Journal of Religion and Health

, Volume 37, Issue 3, pp 195–214

Death with Dignity: Fifty Years of Soul-Searching

Authors

  • R.J. Connelly
    • University of the Incarnate Word in
Article

DOI: 10.1023/A:1022981721537

Cite this article as:
Connelly, R. Journal of Religion and Health (1998) 37: 195. doi:10.1023/A:1022981721537

Abstract

The thesis of this paper is that there has been a gradual liberalization of thinking in the U.S. since the 1950's about what is morally allowable in how individuals control their own dying. The degree of liberalization will be plotted based on changes in public and professional opinion, landmark court cases, publication of books about dying, key players in the public eye, and the emergence of more organizations promoting death with dignity. More recent developments show a growing interest in finding better ways to respond to the needs of the dying. A final section speculates on the future of death with dignity.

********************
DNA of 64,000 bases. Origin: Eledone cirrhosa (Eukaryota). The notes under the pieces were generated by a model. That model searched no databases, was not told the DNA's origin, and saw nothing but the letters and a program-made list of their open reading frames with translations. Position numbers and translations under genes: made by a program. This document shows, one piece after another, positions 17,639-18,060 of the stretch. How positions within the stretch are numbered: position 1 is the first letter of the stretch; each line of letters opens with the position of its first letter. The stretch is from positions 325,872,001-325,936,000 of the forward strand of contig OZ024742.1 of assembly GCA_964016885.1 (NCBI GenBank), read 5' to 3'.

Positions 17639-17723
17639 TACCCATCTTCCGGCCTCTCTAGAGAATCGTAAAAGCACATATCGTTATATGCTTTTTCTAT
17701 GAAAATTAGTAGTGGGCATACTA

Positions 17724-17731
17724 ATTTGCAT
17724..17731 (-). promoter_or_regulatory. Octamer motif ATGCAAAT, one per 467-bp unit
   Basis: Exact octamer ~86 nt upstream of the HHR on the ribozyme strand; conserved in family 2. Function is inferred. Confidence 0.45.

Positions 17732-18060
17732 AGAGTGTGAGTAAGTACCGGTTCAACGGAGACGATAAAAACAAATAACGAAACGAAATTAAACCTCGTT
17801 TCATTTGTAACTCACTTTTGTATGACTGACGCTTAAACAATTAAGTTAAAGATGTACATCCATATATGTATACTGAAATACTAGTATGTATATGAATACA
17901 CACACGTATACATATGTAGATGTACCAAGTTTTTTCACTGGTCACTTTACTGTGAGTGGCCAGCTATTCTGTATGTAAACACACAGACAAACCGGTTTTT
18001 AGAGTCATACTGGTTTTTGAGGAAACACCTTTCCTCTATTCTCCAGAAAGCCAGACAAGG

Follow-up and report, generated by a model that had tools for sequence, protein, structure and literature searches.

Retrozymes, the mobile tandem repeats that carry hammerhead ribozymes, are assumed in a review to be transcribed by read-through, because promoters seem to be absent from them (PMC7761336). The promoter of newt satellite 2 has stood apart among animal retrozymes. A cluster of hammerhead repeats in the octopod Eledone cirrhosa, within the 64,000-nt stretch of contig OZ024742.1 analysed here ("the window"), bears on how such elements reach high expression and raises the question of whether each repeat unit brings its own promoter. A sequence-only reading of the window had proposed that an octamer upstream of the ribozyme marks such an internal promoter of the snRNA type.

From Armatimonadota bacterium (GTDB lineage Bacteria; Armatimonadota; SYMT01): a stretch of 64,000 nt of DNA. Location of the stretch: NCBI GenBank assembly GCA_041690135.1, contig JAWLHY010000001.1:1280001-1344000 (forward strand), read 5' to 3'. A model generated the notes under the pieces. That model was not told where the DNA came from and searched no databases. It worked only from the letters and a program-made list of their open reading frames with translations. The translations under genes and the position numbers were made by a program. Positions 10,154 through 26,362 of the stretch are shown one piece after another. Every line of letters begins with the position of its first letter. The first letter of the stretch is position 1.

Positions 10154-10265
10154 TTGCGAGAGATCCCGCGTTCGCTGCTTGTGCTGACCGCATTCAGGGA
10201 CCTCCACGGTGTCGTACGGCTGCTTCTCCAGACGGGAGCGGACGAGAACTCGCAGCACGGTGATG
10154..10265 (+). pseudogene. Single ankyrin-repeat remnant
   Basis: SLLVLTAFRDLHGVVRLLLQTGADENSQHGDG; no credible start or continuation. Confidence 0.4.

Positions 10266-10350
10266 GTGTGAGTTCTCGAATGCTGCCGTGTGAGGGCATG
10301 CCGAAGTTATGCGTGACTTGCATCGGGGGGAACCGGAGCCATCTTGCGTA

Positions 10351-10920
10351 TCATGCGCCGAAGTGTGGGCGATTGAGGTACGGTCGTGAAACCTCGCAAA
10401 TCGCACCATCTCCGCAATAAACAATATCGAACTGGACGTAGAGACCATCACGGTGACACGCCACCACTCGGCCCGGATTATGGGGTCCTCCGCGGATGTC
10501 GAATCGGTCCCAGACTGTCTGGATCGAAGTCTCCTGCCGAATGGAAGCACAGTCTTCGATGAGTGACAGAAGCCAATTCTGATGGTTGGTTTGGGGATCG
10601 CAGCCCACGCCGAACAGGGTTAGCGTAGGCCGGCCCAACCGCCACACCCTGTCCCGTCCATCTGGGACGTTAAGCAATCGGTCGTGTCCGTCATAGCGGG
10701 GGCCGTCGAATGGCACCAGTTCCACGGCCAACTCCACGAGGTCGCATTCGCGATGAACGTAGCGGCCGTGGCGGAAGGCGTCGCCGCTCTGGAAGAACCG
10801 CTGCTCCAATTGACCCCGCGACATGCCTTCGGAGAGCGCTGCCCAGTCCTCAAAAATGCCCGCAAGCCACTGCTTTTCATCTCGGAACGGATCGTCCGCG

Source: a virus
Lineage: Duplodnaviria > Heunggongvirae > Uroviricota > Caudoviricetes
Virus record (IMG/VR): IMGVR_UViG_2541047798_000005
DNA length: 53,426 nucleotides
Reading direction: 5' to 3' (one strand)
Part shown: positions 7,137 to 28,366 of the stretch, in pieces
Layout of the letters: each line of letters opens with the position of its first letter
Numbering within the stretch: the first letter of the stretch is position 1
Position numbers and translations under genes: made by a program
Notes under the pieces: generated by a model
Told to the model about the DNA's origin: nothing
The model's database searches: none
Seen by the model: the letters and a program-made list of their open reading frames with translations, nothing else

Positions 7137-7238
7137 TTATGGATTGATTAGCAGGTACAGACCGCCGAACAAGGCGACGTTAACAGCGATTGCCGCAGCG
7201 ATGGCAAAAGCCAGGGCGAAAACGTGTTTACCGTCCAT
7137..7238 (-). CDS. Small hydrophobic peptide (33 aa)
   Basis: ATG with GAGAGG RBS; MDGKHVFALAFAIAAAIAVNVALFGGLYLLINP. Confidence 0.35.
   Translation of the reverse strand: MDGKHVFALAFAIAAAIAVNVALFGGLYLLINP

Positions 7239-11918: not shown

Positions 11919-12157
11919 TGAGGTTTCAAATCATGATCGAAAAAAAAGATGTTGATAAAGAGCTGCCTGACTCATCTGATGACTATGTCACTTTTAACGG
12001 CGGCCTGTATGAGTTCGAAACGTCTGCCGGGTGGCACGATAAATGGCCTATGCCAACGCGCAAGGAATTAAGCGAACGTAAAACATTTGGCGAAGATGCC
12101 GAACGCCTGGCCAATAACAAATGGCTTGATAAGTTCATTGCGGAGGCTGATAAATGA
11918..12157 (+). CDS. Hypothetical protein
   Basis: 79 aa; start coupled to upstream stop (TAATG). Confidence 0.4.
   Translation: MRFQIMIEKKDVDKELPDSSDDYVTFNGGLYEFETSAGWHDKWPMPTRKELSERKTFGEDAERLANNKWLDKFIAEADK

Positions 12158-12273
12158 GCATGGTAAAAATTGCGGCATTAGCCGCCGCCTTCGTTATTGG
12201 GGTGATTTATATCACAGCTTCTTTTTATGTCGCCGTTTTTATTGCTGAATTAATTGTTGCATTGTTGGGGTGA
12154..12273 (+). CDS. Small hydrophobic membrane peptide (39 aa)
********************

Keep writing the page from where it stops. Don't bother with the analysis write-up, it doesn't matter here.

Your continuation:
Copyright information

© Blanton-Peale Institute 1998